Local Knowledge

by MT

Appropriating a book title that I have not read for article title is perhaps not the smartest thing to do. But the term local knowledge does summarize what has been in my mind for the past few weeks besides the hassle of cross-continental moving and settling down. Last semester there was a rare opportunity that three Mandarin-speaking architectural historians coexist in the program. Although each needed to tackle with our own busy life, we still managed to gather and have a nice dinner once in a while. Interestingly most of the times the conversation ended with the debate over methodology in architectural history—whether theory or material should guide the organization of the narrative. One of the context for this conversation is that various sociological theories and big names has dominated the current scholarly concerns in architectural history (or perhaps many other humanity fields) in Taiwan.

Both sides of the argument have their points and both seemed equally valuable. Admittedly we need theory to organize the seemingly scattered amorphous materials. As the economist Keynes remarked, even a claim to avoid theory is a theory itself. On the other hand it is a pain when we come upon a book or article full of jargons that consume our energy in debunking the overly convoluted speculation only to find it doesn’t make sense at all. In fact, it seems to be a consensus among several professors in the program that a good scholar (to paraphase Professor W) wears his theoretical baggage lightly.

Of course an easy answer is that we need both theory and material and attain a balance through constant reverberation, as historian Peter Burke said that “structures change and changed are structured.” But it is an irony that the notoriety of sociologists has replaced the reputation of philosophers in their theory making. As Collingwood mentioned in the Idea of History, the rise of sociology under Comte was triggered in part by the impatience with pure philosophical speculations and an urge to seek evidences and facts. (Well, think about Socrates and the sophists!?) Since when do we blame sociologists for obsession with theory? Or perhaps the prosecution should also cover anthropologists and literary critics and those big names who cannot be pigeon-holed with disciplinary categories?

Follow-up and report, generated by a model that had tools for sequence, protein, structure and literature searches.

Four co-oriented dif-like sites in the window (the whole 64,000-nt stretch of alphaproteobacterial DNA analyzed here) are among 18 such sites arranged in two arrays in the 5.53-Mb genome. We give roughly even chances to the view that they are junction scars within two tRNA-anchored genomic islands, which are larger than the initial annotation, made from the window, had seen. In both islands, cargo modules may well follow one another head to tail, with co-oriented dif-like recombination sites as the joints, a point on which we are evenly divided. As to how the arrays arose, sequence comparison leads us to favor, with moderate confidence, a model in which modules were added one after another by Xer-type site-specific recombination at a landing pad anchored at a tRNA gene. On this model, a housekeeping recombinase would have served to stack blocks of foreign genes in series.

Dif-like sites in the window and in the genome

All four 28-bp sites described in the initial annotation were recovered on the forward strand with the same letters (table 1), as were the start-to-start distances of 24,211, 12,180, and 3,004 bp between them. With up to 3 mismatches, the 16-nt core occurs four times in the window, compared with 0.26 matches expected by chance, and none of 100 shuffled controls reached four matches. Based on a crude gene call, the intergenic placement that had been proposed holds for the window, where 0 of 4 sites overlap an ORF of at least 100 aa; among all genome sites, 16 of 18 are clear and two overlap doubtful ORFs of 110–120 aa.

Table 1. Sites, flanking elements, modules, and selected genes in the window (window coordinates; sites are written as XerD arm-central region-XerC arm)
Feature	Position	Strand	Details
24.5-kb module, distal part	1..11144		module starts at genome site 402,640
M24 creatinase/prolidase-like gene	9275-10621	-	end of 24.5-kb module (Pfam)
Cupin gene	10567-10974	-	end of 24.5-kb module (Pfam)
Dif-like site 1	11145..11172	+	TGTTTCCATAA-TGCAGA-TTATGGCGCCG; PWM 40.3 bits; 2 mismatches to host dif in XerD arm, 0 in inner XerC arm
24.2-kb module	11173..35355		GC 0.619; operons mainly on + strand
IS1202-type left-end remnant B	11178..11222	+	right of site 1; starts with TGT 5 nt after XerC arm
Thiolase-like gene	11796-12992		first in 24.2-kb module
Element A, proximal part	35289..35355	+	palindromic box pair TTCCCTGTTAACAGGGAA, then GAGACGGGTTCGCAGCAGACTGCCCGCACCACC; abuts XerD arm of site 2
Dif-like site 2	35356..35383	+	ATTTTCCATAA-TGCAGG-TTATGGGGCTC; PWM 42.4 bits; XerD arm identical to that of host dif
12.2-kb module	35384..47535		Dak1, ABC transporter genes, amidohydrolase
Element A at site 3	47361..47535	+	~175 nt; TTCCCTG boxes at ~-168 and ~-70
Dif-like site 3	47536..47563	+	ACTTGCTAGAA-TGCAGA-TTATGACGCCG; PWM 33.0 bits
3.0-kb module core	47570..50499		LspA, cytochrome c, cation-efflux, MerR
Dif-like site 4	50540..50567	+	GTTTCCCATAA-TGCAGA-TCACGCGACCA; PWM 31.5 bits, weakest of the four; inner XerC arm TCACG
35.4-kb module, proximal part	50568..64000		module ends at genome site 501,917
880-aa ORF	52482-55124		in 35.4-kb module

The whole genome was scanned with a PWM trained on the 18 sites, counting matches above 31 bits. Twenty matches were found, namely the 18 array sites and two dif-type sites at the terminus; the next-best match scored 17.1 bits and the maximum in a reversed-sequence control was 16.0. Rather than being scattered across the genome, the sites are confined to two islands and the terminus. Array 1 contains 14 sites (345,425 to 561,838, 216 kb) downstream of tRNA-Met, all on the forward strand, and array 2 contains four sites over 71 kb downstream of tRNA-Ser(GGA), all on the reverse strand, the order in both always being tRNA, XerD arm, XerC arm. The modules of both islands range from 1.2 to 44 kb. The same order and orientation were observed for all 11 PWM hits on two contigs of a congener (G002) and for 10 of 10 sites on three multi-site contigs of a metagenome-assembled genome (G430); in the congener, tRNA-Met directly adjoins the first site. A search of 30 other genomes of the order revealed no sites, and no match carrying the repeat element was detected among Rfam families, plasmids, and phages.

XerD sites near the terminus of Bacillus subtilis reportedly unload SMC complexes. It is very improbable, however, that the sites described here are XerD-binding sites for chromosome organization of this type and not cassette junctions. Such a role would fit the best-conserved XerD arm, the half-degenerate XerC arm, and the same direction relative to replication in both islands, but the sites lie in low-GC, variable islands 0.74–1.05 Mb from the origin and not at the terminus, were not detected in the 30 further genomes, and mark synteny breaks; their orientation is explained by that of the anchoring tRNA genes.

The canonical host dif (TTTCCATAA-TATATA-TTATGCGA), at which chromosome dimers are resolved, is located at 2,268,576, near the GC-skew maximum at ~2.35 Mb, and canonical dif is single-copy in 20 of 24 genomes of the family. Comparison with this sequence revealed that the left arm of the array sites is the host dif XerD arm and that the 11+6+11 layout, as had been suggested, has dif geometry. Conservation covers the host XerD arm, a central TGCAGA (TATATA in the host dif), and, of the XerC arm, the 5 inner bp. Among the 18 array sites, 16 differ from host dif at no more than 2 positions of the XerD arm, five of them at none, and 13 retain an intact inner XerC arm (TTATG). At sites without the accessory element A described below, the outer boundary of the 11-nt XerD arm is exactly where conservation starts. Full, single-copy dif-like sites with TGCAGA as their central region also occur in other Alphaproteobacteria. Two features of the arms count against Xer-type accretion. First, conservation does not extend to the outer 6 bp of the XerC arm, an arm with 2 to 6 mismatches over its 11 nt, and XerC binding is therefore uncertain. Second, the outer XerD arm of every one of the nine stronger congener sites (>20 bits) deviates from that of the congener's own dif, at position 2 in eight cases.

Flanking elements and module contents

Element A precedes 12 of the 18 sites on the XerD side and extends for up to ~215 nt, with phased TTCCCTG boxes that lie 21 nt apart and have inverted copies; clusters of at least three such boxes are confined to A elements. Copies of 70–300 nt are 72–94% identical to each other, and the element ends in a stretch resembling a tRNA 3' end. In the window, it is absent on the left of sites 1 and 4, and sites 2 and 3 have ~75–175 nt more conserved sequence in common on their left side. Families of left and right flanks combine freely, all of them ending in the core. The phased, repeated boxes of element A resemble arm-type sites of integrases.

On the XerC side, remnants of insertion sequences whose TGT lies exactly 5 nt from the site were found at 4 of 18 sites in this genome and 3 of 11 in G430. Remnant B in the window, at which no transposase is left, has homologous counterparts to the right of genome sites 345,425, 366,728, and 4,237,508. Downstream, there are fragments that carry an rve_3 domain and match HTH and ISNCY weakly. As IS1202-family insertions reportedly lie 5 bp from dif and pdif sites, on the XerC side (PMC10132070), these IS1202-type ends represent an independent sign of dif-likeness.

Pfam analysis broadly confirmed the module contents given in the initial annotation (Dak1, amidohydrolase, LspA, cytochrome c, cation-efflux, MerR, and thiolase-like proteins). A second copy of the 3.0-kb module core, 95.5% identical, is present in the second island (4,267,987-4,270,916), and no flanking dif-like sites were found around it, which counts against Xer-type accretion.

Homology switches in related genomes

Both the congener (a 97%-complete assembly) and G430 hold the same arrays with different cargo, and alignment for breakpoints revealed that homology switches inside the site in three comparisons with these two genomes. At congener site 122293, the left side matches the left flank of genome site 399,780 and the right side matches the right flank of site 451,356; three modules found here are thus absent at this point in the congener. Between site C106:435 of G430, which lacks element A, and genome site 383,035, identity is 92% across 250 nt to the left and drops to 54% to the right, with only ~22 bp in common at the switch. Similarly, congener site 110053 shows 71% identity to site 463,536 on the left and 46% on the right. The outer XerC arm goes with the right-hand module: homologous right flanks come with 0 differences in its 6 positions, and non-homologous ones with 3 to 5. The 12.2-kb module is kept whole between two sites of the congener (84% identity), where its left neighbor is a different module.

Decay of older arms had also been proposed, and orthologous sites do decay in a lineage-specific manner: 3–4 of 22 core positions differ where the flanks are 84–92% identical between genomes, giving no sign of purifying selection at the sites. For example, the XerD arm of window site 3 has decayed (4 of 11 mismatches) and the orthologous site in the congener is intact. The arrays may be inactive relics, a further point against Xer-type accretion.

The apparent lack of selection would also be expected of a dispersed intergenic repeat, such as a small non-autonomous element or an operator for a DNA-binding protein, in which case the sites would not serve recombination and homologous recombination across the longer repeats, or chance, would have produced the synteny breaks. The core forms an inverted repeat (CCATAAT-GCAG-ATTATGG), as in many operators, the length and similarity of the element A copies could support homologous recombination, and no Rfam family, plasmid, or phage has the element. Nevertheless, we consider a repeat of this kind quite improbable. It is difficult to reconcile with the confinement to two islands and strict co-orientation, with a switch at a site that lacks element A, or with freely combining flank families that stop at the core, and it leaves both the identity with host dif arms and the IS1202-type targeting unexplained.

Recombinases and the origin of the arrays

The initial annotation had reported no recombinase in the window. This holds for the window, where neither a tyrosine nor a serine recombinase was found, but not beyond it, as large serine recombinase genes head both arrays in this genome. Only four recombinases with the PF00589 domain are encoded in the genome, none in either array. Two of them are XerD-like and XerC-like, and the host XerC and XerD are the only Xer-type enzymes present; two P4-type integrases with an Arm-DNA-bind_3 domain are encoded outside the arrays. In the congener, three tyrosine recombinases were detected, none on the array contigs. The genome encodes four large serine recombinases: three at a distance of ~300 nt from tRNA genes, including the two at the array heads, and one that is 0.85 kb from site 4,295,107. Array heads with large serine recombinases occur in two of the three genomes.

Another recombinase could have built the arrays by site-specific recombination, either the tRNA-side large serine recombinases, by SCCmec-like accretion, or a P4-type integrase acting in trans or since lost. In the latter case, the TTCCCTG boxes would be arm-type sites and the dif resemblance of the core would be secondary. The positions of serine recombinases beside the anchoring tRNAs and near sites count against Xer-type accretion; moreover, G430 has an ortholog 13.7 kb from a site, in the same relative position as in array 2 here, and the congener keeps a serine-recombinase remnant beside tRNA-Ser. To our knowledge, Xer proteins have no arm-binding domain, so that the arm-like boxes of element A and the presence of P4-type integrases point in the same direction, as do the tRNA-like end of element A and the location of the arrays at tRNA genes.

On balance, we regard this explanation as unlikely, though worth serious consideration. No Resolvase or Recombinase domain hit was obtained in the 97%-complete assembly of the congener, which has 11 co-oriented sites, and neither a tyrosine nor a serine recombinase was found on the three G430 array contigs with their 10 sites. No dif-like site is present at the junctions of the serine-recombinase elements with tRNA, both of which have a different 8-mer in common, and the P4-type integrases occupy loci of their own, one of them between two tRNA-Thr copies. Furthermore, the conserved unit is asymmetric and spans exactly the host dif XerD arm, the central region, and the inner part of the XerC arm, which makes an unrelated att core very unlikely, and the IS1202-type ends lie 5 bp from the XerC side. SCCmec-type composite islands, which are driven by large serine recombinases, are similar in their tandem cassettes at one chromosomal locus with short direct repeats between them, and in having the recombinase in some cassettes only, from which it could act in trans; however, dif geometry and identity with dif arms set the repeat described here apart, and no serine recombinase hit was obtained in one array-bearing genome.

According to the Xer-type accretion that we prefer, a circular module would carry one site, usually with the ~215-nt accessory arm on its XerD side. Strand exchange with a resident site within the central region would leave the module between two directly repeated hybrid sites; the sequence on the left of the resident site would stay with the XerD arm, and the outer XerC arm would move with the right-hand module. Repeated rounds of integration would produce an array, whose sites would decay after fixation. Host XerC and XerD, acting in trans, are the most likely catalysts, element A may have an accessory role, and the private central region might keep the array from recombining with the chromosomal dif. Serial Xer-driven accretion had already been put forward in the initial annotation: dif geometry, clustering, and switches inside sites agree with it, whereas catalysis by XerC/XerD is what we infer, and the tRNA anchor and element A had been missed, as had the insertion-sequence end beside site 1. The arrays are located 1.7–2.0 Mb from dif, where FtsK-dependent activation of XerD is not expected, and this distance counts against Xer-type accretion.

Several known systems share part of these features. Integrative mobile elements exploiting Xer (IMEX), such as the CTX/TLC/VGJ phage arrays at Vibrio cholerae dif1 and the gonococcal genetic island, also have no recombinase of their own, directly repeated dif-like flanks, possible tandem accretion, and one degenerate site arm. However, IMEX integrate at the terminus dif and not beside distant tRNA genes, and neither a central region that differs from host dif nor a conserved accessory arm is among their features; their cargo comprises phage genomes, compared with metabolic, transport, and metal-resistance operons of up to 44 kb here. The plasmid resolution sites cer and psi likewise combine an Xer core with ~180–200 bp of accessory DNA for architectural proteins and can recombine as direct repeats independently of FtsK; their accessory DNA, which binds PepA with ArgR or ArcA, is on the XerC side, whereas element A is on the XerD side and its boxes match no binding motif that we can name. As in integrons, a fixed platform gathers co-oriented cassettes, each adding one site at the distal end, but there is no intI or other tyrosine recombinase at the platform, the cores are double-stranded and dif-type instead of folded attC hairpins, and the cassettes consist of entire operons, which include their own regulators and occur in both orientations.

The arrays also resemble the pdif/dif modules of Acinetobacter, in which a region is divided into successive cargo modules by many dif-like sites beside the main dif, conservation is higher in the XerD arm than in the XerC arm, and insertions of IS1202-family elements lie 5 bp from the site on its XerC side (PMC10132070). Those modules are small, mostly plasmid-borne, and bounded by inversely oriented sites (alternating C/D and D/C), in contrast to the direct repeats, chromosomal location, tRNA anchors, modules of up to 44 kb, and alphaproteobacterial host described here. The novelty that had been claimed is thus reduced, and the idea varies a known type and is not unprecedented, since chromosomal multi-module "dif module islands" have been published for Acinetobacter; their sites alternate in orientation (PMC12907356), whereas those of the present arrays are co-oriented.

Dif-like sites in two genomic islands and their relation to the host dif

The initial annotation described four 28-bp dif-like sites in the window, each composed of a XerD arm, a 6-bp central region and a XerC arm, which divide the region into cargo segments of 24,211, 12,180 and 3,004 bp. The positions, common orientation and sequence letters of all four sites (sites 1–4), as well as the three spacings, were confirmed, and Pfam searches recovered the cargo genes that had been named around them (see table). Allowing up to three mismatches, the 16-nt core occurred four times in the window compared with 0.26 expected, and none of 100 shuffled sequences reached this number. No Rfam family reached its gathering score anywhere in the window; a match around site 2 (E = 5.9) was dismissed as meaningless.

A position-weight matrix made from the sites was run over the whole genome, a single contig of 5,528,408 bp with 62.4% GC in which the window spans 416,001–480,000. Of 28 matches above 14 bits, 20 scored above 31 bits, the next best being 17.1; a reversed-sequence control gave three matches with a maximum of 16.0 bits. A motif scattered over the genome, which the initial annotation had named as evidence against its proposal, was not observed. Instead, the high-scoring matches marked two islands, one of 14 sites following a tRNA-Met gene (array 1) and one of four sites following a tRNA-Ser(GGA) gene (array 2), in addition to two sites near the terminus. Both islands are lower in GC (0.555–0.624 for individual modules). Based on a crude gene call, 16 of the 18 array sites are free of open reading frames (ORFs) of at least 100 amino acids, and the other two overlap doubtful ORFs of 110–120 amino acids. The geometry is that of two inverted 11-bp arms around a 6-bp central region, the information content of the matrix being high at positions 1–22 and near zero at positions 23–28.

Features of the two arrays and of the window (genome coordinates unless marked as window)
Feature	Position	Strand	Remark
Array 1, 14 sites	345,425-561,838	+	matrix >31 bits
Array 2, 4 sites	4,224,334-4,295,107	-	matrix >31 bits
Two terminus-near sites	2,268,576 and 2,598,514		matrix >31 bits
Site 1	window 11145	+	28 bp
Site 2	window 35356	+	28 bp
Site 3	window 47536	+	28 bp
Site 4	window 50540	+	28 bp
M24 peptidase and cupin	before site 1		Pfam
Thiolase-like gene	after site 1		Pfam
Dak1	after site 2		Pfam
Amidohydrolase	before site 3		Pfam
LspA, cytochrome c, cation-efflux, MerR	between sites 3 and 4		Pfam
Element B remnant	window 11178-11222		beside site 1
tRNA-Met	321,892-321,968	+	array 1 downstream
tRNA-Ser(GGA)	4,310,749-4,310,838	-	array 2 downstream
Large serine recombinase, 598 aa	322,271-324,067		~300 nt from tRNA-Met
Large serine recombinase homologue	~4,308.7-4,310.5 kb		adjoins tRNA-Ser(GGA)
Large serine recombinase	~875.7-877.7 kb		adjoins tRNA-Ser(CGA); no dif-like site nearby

Sociology, admit it or not, has made a great impact on historical studies. Peter Burke rightly points out that many times when people say “theory” they mean “model”. In his nice book History and Social Theory (another book on my ever expanding must-read list) he discusses several “central concepts.” Indeed, a less disputable term than theory, concept is really important as an organizing tool. Depending on the question an author wants to deal with, the model and central theme of the same archive material may differ, therefore the organization of the material will also be different. Merely a glimpse over the list of central concepts Burke discussed we realize the ways people look at and write about the society can be so different: social role, sex and gender, family and kinship, community and identity, class, status, social mobility, conspicuous consumption and symbolic capital, reciprocity, patronage and corruption, power, center and periphery, hegemony and resistance, social movements, mentality and ideology, communication and reception, orality and textuality, and, finally, myth.

Now the argument may have tilted to one side and betrayed the title of the article. To be fair I should confess that I am a theory-oriented researcher. I am aware of this serious bias, but at the same time I also try to push it to the limit in order to let go. The research proposal I submitted recently is full of theories that have been swirling in my brain fort he past two years. The response I have gotten so far from several generous and perhaps tolerant professors has been helpful. One of the great feedbacks is that, since I have moved to this place, the Bay Area of California seems to be a good site for facts and evidences for the designer I am working on. It also solved my problem of not being able to deal with the continuous spectrum from country to city. After all, like sociologists and designers, historians need to work with materials and are bound to be local. Even the theorists cannot avoid being local. In a recent conversation, Professor S mentioned that theorists like Charles Jencks and Rosalind Krauss all have their own version of postmodernism that is “local” in nature. Very refreshing. Well, sometimes it takes a long detour to realize a simple point.